Israelis have the 8th longest life-expectancy in world according to the latest World Health Organization figures. Israeli medical treatments and devices are extending lives all over the world. Here are some of the recent Israeli news items relating just to the areas of cancer, cardiology, neuroscience and diabetes.
I am confident that most readers in their lifetimes will see an end to the deadly effect of the majority of today’s cancers and can be proud that Israeli scientists will be major contributors to this achievement. For example, the UK’s National Health Service just has approved the funding of patients receiving the pioneering melanoma (skin cancer) treatment developed by Professor Jacob Schachter of the Sheba hospital in Tel Hashomer. Meanwhile in the States, surgeons at Mercy Medical Center at Cedar Rapids, Iowa, have reported that MarginProbe from Israel’s Dune Medical has reduced the number of repeat breast-cancer operations by 75%. And many aggressive brain tumors can now be cured using Novocure’s electrode treatment, invented by Israeli Professor Yoram Palti.
Leukemia’s days are numbered thanks to pipeline treatments such as Astarabine from Israel’s BioSight and BL-8040 from Israel’s Bioline Rx. And Israel’s Gamida Cell reported good results from US trials of its NiCord blood cancer treatment. Finally, Weizmann Institute’s groundbreaking prostate cancer treatment has now been approved by Israel’s Ministry of Health and is being administered to patients at Beilinson Hospital.
But prevention is better than cure, so I was pleased to read that researchers at the Hebrew University of Jerusalem and Israel’s Technion Institute have developed enhanced micro-emulsion liquids that produce a powerful antioxidant anti-cancer protection protein called Nrf2.
It warms my heart to read that so many cardiology treatments and innovations have been developed by Israelis.
UK medical journal The Lancet reported the first one-hour implants of the interatrial shunts from Israel’s V-Wave administered into 10 Canadian patients suffering poor left ventricular function, who were then discharged home next morning. Surgeons performing a multicenter clinical trial of the laser system and unique catheters from Israel’s Eximo successfully unblocked the arteries of 20 patients with peripheral artery disease (PAD) – some of whom otherwise required bypass surgery or leg amputation.
Scientists at Israel’s Technion Institute have even trained cardiac cells to beat, using mechanical stimuli that do not come into contact with the cells, which could lead to development of more effective pacemakers. At Tel Aviv University, Professor Tal Dvir unveiled his remote-controlled, bionic heart patch, which researchers say could become a revolutionary alternative to heart transplants for patients whose hearts have been damaged by heart attacks or cardiac disease.
Again, prevention of heart disease would avoid the need for the above treatments and devices, so let’s wish good luck to Israel’s Lycored for its award-winning supplement Cardiomato that lowers oxidized LDL cholesterol and reduces systolic blood pressure. And perhaps the best news is that new Israeli Education Ministry guidelines prohibit selling or serving of sweets, snacks, and sugary or fatty foods to Israeli school and kindergarten students. They must now be offered healthier substitutes such as low-fat spreadable cheeses, avocado, whole-wheat pasta and bread, fruit and vegetables.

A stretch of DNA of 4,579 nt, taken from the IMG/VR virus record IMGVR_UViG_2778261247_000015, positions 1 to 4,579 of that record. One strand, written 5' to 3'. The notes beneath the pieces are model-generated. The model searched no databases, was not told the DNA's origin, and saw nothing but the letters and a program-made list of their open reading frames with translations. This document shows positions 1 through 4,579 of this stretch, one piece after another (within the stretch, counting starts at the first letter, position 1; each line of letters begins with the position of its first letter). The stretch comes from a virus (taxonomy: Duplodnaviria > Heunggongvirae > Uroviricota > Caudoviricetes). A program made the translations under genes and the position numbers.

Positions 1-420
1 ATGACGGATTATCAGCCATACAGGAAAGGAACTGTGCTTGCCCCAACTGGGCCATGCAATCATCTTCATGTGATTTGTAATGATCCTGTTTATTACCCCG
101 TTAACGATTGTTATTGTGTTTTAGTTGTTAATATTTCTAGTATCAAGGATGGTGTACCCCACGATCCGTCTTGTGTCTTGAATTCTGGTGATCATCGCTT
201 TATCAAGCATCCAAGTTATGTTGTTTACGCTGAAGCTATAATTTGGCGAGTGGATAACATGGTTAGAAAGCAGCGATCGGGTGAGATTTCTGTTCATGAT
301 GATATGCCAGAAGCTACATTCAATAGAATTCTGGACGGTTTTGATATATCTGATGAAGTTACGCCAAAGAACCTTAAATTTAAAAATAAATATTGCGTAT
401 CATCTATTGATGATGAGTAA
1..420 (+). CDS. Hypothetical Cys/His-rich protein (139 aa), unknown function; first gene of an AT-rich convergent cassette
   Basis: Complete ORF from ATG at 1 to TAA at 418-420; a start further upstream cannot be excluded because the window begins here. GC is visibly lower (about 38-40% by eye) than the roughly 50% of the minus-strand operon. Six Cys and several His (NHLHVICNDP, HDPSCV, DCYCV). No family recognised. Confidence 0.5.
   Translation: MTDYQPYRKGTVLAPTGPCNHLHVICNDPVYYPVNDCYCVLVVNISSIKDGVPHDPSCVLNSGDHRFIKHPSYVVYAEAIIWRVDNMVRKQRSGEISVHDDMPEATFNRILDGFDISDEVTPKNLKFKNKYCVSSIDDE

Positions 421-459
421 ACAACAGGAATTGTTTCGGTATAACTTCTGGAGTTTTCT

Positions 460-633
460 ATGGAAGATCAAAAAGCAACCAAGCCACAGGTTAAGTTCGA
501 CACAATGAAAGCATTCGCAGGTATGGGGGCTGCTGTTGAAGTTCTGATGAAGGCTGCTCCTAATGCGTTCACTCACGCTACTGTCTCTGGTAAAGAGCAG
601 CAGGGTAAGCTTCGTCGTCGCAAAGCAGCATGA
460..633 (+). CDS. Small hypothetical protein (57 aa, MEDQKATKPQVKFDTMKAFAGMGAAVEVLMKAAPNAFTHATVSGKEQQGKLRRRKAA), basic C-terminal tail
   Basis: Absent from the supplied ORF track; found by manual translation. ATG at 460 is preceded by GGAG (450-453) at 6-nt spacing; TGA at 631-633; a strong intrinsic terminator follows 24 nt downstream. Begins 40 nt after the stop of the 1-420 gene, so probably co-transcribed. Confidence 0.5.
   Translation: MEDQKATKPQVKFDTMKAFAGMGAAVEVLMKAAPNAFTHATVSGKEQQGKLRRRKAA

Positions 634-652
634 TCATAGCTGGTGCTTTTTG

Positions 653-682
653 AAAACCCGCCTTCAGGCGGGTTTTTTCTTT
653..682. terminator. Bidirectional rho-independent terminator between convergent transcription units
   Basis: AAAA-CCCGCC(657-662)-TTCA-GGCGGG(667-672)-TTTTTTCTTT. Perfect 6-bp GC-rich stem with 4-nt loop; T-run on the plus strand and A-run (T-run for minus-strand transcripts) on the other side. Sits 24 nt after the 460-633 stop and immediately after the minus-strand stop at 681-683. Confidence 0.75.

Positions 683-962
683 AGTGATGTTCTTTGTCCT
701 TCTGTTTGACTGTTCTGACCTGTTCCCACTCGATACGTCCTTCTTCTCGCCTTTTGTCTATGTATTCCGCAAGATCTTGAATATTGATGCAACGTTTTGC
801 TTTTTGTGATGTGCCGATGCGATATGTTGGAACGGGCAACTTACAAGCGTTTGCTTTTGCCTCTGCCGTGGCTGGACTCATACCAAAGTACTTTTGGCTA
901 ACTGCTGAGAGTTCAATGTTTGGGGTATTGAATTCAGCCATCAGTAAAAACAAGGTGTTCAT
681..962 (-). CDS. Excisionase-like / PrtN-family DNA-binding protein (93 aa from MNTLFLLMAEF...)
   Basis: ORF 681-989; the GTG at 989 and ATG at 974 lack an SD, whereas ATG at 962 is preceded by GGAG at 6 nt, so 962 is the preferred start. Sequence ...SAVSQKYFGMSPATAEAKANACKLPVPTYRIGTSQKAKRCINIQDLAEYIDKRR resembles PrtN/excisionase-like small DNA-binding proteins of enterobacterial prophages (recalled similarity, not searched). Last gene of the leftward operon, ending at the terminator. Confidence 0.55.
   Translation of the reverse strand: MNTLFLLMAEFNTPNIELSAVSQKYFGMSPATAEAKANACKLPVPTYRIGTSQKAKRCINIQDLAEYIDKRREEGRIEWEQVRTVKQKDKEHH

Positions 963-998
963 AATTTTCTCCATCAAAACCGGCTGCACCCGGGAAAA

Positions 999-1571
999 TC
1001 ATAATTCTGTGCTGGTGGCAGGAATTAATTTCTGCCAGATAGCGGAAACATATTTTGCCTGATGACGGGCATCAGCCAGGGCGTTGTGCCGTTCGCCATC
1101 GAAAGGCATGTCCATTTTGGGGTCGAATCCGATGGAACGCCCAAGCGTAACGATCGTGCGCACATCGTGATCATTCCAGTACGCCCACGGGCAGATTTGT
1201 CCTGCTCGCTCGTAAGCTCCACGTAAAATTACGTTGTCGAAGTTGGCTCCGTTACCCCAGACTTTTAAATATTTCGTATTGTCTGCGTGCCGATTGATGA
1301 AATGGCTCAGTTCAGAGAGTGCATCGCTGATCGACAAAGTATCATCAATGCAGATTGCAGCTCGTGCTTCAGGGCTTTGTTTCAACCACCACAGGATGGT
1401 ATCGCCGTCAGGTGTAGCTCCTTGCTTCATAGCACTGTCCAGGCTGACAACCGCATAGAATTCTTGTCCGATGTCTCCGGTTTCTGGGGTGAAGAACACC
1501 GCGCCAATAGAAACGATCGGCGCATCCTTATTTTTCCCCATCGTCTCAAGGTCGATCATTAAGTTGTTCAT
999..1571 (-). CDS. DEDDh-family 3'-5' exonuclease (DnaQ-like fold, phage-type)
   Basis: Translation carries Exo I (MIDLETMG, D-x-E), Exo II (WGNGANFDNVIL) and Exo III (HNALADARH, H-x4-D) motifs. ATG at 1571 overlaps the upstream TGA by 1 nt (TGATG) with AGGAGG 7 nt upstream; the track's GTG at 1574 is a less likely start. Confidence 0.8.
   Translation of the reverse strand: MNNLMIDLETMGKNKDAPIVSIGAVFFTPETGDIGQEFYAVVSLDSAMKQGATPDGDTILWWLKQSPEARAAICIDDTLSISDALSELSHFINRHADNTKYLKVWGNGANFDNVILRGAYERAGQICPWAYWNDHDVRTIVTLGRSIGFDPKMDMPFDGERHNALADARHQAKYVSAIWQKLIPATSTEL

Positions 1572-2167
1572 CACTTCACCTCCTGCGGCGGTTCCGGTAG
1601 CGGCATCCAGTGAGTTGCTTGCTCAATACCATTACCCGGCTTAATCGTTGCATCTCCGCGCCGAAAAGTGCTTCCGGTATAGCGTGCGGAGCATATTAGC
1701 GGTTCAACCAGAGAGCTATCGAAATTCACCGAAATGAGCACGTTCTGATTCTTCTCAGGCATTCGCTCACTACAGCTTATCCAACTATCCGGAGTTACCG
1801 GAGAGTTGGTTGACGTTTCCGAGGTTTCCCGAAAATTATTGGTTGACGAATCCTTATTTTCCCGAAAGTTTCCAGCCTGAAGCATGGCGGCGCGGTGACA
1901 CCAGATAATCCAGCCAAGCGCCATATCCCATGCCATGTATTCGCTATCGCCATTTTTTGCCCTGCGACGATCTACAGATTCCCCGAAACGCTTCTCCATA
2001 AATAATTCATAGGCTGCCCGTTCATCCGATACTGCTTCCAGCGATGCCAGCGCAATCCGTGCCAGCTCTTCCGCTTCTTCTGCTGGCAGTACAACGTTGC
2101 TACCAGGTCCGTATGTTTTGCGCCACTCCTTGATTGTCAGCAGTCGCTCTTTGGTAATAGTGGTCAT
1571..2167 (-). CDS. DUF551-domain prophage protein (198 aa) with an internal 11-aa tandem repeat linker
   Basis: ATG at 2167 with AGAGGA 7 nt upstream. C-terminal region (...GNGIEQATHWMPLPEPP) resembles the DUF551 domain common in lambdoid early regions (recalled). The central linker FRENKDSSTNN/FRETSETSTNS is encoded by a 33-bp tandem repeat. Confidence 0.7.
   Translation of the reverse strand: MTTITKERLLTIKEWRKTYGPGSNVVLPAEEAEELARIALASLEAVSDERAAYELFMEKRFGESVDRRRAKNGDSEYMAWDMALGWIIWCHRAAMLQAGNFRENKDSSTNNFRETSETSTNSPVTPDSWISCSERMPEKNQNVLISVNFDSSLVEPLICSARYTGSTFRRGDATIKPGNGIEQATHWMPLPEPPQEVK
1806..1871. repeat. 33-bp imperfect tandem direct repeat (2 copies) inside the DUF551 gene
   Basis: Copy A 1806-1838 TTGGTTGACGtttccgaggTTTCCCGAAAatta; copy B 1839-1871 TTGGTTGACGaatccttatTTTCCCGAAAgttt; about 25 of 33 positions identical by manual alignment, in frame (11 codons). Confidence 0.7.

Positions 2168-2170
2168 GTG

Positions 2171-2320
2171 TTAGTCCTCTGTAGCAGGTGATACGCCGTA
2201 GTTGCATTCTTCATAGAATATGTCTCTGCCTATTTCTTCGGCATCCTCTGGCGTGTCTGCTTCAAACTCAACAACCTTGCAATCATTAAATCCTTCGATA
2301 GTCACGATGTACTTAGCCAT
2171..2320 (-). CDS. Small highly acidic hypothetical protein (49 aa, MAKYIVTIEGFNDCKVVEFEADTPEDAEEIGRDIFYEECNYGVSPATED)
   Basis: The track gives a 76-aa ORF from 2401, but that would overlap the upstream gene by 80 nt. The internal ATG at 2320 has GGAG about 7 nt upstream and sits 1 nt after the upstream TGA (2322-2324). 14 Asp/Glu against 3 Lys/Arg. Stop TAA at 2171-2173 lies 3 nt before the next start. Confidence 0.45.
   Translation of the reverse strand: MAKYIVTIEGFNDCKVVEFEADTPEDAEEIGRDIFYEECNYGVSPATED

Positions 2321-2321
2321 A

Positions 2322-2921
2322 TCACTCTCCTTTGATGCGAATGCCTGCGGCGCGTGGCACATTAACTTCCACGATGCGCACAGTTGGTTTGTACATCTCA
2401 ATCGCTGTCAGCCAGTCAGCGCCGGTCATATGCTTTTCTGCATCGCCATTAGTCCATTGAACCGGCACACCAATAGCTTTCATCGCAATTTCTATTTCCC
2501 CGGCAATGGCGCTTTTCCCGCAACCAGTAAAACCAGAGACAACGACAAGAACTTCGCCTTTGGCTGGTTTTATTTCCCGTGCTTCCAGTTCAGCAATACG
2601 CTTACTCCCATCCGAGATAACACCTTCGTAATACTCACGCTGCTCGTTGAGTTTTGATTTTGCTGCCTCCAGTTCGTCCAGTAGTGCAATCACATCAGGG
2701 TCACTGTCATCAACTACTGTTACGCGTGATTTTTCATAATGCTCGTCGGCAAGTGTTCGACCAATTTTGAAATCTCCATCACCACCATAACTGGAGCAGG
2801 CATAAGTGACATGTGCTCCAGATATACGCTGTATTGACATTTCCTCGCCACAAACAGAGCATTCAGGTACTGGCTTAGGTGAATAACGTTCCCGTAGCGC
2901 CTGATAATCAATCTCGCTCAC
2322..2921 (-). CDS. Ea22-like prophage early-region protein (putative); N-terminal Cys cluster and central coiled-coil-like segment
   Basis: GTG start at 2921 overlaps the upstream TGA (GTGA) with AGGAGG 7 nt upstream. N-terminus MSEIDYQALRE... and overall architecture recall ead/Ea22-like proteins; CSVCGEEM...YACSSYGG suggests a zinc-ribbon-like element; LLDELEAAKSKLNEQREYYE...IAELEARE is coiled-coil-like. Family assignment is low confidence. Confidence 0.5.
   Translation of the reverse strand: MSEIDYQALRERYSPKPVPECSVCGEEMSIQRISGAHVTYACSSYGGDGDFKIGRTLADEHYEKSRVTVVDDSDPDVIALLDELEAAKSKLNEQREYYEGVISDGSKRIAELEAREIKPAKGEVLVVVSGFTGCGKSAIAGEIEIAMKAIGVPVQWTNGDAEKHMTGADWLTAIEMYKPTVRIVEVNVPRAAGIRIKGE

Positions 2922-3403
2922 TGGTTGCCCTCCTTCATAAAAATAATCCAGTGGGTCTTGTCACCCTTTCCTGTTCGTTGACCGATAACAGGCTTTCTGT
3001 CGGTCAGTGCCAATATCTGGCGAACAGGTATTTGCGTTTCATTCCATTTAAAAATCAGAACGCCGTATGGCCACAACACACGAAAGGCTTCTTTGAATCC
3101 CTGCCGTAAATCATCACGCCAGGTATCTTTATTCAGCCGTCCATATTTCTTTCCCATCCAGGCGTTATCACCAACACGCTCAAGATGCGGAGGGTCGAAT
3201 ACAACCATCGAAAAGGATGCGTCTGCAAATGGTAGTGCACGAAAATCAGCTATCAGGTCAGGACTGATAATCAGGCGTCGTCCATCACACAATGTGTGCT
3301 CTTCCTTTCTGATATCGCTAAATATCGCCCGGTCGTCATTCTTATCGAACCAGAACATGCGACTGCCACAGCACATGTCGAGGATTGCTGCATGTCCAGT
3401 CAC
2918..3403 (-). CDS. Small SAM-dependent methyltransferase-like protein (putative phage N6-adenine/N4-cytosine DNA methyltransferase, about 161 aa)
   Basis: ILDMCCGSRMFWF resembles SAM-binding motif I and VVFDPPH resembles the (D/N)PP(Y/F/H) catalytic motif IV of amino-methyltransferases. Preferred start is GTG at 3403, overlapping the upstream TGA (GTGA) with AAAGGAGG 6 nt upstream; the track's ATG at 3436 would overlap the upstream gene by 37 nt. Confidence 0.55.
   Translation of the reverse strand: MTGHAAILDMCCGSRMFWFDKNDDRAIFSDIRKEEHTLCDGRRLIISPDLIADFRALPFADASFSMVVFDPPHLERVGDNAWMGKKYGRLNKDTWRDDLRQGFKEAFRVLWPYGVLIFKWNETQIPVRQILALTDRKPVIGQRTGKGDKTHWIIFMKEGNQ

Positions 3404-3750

In the field of Neuroscience, nearly 660,000 people have viewed the video that showed Haifa’s Rambam Medical Center surgeons curing an Israeli woman of Parkinson’s using the focused ultrasound brain surgery of Israel’s Insightec. And the communication device for ALS and other “Locked in” patients from Israel’s EyeControl won its inventors £32,000 of funding thanks to public votes in the International on-line competition “The Venture”. Israelis should certainly have no problem sleeping thanks to Israeli startup 2breathe Technologies, which has developed a sensor and smartphone app to induce users to breathe slower, relax and fall asleep. And Israel’s Itamar Medical has reported that 60 international hospitals have now adopted its Total Sleep Solution which treats Sleep Apnea – a known cause of heart attacks.
Diabetics will be interested to know that researchers at the Hebrew University of Jerusalem have discovered that the gene p16 enhances insulin production and have partly reversed diabetes in lab tests. Further down the treatment pipeline, Israeli biotech Oramed had success in the Phase IIb study of its oral insulin capsule, designed to replace injected delayed-release insulin. Meanwhile, Israel’s Frutarom – developers of Portusana, an extract of the herb purslane – have confirmed its positive effects on blood sugar levels in adults with Type 2 Diabetes. Finally, type 2 diabetes may be preventable, thanks to a behavioral analytics engine and risk meter developed by Israel’s Sweetch.
What is really astounding is that these Israeli developments (and many more) all occurred during the last 3 months. I haven’t even got room to include the areas of fighting infections, autoimmune diseases and life-saving medical devices. I’ll report on those on another occasion.
Wishing you good health from Israel.
Michael Ordman writes a free weekly newsletter containing positive news stories about Israel.
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